Grandma’s Secret Dill Pickles ~ Recipe & Canning Tutorial

If you like a crunchy, slightly spicy, delicious dill pickle and like to can, this post is for you! The recipe for these pickles was handed down by my grandmother {who has been making them for as long as I can remember} and has ruined store bought pickles for me forever. In fact, when I was a kid in Germany, we used to take boxes of these pickles home with us on the airplane after our summer visits. The customs agents thought we were insane every time they inspected our pickles. I guess we’re really lucky they never broke!

I’m sharing this recipe with you because I love you. But you better not tell anyone else because these pickles are my key to fame and fortune! ;-)

To make these pickles, you need a lot of cucumbers. Preferably, straight, small ones (4-5 inches or so). I like to grow my own, but for whatever reason, I have not been successful growing cucumbers the last few years. These beautiful cucumbers were given to me by a friend and this is the first time I have been able to can pickles in several years. If you have any small, extra cucumbers, please send them my way!

First, prepare your water bath canner and get your pickle solution ready {recipe below}. Then, wash cucumbers well and cut off any bad spots.

Pack cucumbers very, very, very tightly into quart size jars. Squeeze in as many as you can  because once they are canned they will all float to the top and make it look like you could have fit at least 50% more in! It never fails.

Add garlic, hot pepper, dill,and alum. Don’t scimp on the alum ~ it’s what makes the pickles crispy.

Ladle prepared, boiling pickle solution (water, pickling salt, apple cider vinegar) into your jars. Leave 1/4 inch head space.

Add a washed grape leaf.

Put the lids on and tighten. Use pot holders because the jar will be really hot.

Put the cans into boiling water in a water bath canner and can for  ~10 minutes, just long enough to help the jars seal. Remove jars from canner, make sure they seal, then let them sit for 24 hours to cool. After they’ve cooled completely, store them for at least three weeks before eating.

The Best Dill Pickles ~ Recipe & CanningTutorial
 
Ingredients
  • 1 Peck cucumbers, straight, skinny, and small
  • 3 Pints cider vinegar
  • 1 1/2 Cups pickling salt
  • 4 1/2 Quarts water
  • Fresh dill
  • Grape leaves (1 per jar)
  • 3 large cloves of garlic (1/2 clove per jar)
  • Alum ( 1/2 tsp per jar)
  • Hot peppers (1/2 – 1 per jar)
Instructions
  1. Prepare water bath canner and bring water to a boil.
  2. Sterilze quart size canning jars. (I wash mine in dishwasher or boil them in the canner).
  3. Heat up lids and rings.
  4. Combine water, salt, vinegar in a large pot and bring to a boil.
  5. Wash cucumbers and cut off any bad spots.
  6. Pack cucumbers extremely tightly into canning jars. Wide mouth jars are easier to pack.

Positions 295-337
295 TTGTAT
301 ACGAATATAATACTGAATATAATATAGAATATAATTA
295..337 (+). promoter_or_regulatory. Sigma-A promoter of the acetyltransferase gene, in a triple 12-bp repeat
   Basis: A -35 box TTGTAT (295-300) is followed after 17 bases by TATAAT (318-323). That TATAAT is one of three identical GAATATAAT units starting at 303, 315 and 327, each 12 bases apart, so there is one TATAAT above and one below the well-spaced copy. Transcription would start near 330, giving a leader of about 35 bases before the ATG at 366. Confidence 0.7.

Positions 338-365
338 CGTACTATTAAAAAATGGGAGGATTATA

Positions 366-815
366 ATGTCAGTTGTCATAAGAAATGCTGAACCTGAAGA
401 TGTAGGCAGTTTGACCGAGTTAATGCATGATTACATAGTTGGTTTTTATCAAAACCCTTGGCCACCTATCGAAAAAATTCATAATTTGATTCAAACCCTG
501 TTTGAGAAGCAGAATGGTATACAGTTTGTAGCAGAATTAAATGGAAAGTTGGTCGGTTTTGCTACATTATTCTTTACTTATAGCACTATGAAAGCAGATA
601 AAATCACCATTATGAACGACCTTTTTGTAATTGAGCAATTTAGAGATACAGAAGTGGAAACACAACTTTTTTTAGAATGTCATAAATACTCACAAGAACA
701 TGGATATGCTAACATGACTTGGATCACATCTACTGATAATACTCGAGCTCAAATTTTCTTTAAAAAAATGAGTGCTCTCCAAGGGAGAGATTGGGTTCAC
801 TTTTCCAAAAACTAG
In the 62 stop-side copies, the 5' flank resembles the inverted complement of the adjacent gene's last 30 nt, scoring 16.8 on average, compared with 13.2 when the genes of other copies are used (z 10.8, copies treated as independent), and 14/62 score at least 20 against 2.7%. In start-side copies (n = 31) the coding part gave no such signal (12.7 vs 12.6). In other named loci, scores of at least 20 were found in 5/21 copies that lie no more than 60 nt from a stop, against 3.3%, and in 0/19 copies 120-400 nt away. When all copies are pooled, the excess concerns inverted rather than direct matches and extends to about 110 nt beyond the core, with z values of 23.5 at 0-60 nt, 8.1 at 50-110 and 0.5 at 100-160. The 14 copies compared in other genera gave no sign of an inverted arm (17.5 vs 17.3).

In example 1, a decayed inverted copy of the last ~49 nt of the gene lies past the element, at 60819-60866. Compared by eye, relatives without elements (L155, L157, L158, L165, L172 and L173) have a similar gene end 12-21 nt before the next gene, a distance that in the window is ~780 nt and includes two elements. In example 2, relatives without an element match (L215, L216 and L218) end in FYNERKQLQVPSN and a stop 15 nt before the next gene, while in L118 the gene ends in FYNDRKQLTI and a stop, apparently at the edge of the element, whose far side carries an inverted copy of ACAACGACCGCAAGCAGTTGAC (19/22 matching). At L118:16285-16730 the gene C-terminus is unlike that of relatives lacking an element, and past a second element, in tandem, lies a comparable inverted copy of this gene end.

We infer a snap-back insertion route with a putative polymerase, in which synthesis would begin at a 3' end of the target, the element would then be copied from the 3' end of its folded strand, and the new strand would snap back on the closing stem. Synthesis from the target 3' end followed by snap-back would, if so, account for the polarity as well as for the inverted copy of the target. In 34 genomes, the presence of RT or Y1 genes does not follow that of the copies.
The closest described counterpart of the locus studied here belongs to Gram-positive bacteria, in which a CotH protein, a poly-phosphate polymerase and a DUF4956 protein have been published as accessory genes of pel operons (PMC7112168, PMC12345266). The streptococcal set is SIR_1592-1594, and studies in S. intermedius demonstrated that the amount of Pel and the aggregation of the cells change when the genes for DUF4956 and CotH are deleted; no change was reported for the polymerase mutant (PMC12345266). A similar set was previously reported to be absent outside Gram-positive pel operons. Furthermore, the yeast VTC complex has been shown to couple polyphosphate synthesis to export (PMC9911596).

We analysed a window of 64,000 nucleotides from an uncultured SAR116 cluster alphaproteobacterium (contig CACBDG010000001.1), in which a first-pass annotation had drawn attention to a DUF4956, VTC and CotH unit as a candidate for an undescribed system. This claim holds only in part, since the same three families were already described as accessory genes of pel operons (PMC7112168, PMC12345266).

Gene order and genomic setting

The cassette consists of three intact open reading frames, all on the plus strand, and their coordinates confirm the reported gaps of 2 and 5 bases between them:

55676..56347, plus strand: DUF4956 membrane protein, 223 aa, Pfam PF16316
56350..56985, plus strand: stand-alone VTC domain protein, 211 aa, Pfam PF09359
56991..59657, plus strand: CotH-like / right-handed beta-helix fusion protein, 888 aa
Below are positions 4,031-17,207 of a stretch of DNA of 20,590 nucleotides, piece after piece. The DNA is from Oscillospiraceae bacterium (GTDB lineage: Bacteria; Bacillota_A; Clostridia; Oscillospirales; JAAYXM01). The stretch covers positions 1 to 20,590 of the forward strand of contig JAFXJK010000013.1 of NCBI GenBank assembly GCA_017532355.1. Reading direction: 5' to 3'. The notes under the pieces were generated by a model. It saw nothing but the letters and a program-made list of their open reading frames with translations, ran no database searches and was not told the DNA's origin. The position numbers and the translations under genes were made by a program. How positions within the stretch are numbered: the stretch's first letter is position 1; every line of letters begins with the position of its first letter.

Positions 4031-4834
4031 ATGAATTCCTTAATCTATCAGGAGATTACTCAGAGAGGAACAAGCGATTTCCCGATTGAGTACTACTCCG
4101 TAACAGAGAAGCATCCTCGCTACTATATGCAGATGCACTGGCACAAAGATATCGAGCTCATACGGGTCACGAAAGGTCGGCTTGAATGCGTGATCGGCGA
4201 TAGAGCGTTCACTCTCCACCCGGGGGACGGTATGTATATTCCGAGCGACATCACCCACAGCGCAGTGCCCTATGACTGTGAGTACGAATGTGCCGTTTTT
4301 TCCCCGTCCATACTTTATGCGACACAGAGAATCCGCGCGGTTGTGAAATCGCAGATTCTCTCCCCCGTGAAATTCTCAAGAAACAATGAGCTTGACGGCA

7. Add hot pepper, alum, dill, garlic to the jars.
  8. Ladle pickling solution into jars leaving 1/4 inch head space.
  9. Wipe off mouth of jars.
  10. Tighten lids on jars.
  11. Place jars in waterbath canner and boil for 10 minutes.
  12. Remove jars from canner.
  13. Let sit to cool for 24 hours.
  14. Store pickles for 3 weeks before eating.
  15. Enjoy!
 

Do you like pickles? What’s your most favorite kind?

Linking up: EatMakeGrow Blog Hop; Monday Barn Hop; Tuesday Garden Party; Frugal  Days, Sustainable Ways; Fresh Food Wednesday;

Comments

  1. says

    Hi Michelle,

    We’re having our inaugural Eat Make Grow Blog Hop. We are looking for folks to link up who want to share what they have been eating with their families, growing in their gardens or making with all their creative impulses. If you’re interested, I hope you’ll hop on over and link up a couple of your posts. It’s a way for you to grow your readership and find other like minded mamas.

    Hope to see you there,

    Foy
    http://foyupdate.blogspot.com/2012/08/inaugural-eat-make-grow-blog-hop.html

  2. Kaye says

    Ok- Why couldn’t you post this 2days ago before I put up 9 pints of dill pickles!? ;) Sounds like a great recipe, I will have to try it next time!

  3. Amanda J says

    So, how bad are they when you forget the alum??? I got distracted by my “helpers” and forgot the alum in 7 out of 11 jars (also was unable to find grape leaves at the local grocery store.) Are my pickles going to be terrible???

    • says

      This sounds like something I’d totally do!! Argh! Alum is a pretty key ingredient as it’s what makes them crispy. Grape leaves are optional – I’ve left them out before and the pickles are fine. You might want to open up the jars without the alum, add the alum, and re-seal them with new lids (you can re-use the jars and rings). I’m not sure if that will work, but the pickles won’t turn out without the alum, I’m afraid, unless you like really mushy pickles. :-(

      • Amanda J says

        I just came back to get the recipe for this year and I had to let you know that my pickles were great!!! Even with out the alum!!! I am determined not to forget the alum this year and that means I better make more. Because if they get any better I won’t be able to keep up with the demand!!!

        • says

          Yay, Amanda! I’m so glad!! Thank you for coming back to tell me. I can’t keep up with demand either, especially since my cucumbers never survive due to squash bugs. Hopefully next year!!

  4. says

    man! i’m so jealous of everyone canning their pickles! i’m moving across the country in 2 weeks and since we pay the movers by the pound (essentially), i didn’t can much this summer because canned food weighs a TON…. that being said, i did manage to make a few jars of bourbon soaked cherries for my drinks all year. haha. priorities, i guess.

    p.s. it

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